Most, if not all the original band members, including their bandleader Bobby Moore are now deceased. Despite the band’s music not being played at all on mainstream radio or internet streaming, I was please to find that the band still exists and performing. Now that’s what I call longevity! To be honest, I am unclear as to just how many albums they’ve produced, because so little is written about them. But what I can say is that they’ve had one major hit on the R&B Category.
One Major Billboard Hit!
The band’s song “Searching For My Baby,” released in 1966, peaked at #7 on the R&B Charts! Now, I know for a fact this was a popular hit, because I remember hearing this a lot on the radio when I was still just a baby. This very short, 2+ minute song has a groovy rhythm and kicking bass.
The band formed in 1952, and performed a variety of music. I believe they started playing mostly New Orleans style music. Listen to their version of “Cheek To Cheek,” with then bandleader Max Collie. I’ve heard the do some crazy sweet reggae music too. Check out “Return Of The Bullet,” with Rico Rodriquez. Eventually they progressed to performing funk, rock, until finally mostly soul music. I’d like you to check out one last song I think you’ll enjoy. It’s called “What Is That You Got?” This is an amazing song! Lots of rhythm to groove with!10% off your purchase with code LNK10. Excludes clearance.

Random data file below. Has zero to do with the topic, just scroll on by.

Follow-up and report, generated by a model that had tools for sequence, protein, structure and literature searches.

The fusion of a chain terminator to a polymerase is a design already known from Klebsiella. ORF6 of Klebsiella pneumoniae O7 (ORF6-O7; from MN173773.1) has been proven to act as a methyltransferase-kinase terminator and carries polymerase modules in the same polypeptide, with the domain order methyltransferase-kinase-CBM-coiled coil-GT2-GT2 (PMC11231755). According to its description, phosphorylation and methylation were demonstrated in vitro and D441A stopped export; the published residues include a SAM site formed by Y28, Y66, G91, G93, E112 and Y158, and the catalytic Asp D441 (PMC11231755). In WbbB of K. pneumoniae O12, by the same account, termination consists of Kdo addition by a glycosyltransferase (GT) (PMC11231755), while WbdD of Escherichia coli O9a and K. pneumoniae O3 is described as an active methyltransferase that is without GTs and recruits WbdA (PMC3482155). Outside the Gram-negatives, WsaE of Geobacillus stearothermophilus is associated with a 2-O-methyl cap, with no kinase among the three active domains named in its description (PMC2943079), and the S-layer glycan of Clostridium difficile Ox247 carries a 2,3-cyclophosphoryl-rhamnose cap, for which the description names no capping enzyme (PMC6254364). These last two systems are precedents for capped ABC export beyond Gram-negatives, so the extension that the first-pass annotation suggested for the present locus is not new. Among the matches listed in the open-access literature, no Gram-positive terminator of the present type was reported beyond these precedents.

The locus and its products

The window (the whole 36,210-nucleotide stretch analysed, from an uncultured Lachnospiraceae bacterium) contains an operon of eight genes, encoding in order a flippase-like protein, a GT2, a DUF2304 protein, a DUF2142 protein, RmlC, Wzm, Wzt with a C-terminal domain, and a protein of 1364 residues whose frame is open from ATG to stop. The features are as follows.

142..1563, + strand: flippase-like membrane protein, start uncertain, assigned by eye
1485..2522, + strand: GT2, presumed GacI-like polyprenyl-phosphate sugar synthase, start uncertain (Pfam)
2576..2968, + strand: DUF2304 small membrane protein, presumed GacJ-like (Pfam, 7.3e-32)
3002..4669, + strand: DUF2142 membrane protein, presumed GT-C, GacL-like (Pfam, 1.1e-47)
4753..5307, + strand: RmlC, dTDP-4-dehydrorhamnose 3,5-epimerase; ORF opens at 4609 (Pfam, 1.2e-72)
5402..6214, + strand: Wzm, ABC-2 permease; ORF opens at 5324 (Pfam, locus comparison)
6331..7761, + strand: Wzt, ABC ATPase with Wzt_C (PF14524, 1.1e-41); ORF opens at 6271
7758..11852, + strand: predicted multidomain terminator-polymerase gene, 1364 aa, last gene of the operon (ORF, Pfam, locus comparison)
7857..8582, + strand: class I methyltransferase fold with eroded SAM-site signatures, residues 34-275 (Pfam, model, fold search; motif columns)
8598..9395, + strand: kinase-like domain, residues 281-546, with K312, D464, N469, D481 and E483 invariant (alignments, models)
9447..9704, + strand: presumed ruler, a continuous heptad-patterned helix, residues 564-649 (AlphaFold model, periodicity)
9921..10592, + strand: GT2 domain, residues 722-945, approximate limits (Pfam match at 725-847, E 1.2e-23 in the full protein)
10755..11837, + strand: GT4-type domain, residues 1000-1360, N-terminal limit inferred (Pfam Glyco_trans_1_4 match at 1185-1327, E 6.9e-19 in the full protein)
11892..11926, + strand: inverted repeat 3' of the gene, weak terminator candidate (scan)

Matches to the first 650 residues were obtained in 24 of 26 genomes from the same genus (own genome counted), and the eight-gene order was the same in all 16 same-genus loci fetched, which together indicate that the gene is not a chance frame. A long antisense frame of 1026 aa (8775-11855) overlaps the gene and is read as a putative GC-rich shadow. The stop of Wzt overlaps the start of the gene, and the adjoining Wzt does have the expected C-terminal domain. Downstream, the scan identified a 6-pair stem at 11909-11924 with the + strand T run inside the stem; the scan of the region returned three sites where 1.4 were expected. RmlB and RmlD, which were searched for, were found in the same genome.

Today’s topic is, “An Artist’s Magic In The Background.” I guess, unless you’re an actual musician, the average person doesn’t know who Michael Anderson is. Michael has had a couple of R&B hits, one song is called “Take Me I’m Yours (1978),” which unfortunately although it hit #6 on R&B charts, it only got as high as #88 on the Top 100 Billboard. That was a shame because the man can sing. By the way, I think this song would be a perfect for this coming Valentine’s Day.